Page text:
Facebook to Allow Users to Login with Less Info
According to The Boston Globe, Facebook announced in late April that, “its 1.3 billion users would soon be able to limit the information they reveal to other websites or mobile applications when they log in through their Facebook identities.”
The idea behind this move is to address users’ concerns about revealing their personal data just to check out a website.
The enormous social networking site is also considering making it possible for users to log into other sites anonymously. That is, the login would be anonymous to the other site, but not to Facebook. Because, of course, Facebook wants to gather (presumably) anonymous data for the purpose of aggregating it and better understanding user behavior.
One of the reasons why Facebook has grown so enormous (1.3 billion users) is because it reveals such intimate details to online businesses. Likes are routinely scanned. Birth dates are revealed. Even photos and friend lists are sometimes shared with outside businesses. The aggregation of quantitative data (we are studying this at Quinnipiac, in ICM 524, which is the Social Media Analytics class) is vital to any number of sites understanding people’s behavior on the web.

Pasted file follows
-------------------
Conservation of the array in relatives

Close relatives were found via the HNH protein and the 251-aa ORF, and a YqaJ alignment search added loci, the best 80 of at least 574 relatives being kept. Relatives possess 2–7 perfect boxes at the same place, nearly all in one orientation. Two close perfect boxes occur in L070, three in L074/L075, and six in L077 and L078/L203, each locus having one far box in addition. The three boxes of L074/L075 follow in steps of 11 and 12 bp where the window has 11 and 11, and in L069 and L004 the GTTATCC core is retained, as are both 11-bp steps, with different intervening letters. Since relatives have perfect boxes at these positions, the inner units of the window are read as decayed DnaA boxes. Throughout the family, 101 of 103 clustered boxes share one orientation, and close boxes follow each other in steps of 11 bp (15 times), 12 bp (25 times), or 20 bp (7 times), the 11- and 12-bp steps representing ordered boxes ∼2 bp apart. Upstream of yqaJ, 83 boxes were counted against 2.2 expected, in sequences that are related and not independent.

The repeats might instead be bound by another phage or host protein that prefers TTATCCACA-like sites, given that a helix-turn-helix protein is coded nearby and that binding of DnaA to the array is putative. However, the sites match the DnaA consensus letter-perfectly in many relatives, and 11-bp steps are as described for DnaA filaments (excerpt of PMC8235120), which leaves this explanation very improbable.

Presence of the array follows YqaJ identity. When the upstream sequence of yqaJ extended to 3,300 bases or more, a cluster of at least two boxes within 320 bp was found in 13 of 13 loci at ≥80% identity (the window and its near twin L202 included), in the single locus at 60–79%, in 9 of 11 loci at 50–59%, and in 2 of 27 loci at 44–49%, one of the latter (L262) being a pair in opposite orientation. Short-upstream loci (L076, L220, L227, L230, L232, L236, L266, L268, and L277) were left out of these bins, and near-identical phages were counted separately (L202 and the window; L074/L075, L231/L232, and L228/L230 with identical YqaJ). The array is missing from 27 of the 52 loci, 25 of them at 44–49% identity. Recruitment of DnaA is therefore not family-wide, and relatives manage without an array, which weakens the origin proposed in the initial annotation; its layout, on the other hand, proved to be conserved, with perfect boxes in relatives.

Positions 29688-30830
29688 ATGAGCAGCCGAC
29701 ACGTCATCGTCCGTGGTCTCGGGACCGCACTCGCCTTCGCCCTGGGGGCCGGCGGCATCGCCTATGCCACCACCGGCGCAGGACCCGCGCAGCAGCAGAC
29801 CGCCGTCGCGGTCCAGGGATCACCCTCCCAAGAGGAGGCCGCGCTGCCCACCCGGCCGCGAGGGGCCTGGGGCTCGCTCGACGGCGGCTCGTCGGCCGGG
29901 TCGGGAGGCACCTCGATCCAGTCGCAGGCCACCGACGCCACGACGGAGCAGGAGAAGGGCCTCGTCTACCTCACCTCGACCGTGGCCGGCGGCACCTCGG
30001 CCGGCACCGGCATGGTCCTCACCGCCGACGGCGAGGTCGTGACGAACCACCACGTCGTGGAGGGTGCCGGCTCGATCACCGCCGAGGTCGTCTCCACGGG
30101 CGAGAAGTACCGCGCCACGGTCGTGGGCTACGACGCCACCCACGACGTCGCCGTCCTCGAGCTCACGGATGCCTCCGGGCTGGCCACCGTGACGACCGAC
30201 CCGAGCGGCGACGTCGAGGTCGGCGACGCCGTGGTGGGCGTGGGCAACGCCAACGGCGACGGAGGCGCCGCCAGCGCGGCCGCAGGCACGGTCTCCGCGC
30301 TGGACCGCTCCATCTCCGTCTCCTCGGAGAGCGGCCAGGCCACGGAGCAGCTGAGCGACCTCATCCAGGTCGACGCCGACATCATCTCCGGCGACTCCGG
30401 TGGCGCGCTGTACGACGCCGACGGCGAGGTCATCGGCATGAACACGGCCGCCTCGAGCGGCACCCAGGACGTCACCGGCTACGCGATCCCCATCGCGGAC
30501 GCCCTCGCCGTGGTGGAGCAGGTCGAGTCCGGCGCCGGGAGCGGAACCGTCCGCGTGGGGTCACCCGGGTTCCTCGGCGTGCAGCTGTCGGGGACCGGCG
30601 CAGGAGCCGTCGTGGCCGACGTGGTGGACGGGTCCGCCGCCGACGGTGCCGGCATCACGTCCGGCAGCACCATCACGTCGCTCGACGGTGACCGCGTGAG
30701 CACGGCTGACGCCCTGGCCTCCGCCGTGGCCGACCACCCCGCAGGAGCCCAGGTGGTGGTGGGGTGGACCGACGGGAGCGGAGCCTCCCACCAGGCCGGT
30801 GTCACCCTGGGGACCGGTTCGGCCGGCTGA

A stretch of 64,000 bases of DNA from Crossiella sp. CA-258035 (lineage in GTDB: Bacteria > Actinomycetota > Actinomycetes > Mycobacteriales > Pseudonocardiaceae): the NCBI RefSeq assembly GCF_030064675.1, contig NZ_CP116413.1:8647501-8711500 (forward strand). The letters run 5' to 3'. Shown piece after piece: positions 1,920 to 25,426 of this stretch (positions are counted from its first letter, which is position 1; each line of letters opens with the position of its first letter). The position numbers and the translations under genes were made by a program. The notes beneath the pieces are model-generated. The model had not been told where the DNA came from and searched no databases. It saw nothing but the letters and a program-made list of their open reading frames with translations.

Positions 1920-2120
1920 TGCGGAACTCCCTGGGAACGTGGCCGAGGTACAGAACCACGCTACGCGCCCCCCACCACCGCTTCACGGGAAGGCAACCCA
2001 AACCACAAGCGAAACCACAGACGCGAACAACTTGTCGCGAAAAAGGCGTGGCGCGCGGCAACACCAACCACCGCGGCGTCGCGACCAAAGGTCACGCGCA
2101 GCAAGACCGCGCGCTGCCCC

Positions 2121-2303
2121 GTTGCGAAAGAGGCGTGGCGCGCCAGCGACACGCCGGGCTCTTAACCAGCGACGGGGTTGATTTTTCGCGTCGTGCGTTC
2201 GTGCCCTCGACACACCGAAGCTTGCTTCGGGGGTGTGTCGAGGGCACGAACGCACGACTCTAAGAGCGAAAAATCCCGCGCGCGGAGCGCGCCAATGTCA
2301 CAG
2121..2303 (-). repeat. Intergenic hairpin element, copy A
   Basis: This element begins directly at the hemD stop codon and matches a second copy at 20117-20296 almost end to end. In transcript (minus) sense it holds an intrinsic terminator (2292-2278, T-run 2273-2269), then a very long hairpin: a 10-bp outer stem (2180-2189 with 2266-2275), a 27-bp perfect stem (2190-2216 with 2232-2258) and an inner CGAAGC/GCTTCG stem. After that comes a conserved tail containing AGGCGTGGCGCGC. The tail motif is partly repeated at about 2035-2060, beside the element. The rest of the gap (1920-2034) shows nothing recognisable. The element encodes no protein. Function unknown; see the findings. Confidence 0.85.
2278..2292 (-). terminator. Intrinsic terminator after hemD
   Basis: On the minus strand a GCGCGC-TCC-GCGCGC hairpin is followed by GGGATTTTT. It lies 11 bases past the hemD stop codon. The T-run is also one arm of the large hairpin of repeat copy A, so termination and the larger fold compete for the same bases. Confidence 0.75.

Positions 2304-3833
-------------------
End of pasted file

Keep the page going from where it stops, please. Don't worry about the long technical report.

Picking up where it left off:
The truth is, any person who believes that any of their clicks are not being counted, timed, compared, or otherwise measured is in for a real surprise. They are. And this is not necessarily any sort of a bad thing, I might add. For data to be best understood, there really does need to be an awful lot of it. And what better site to bring a lot of data than the behemoth itself, Facebook?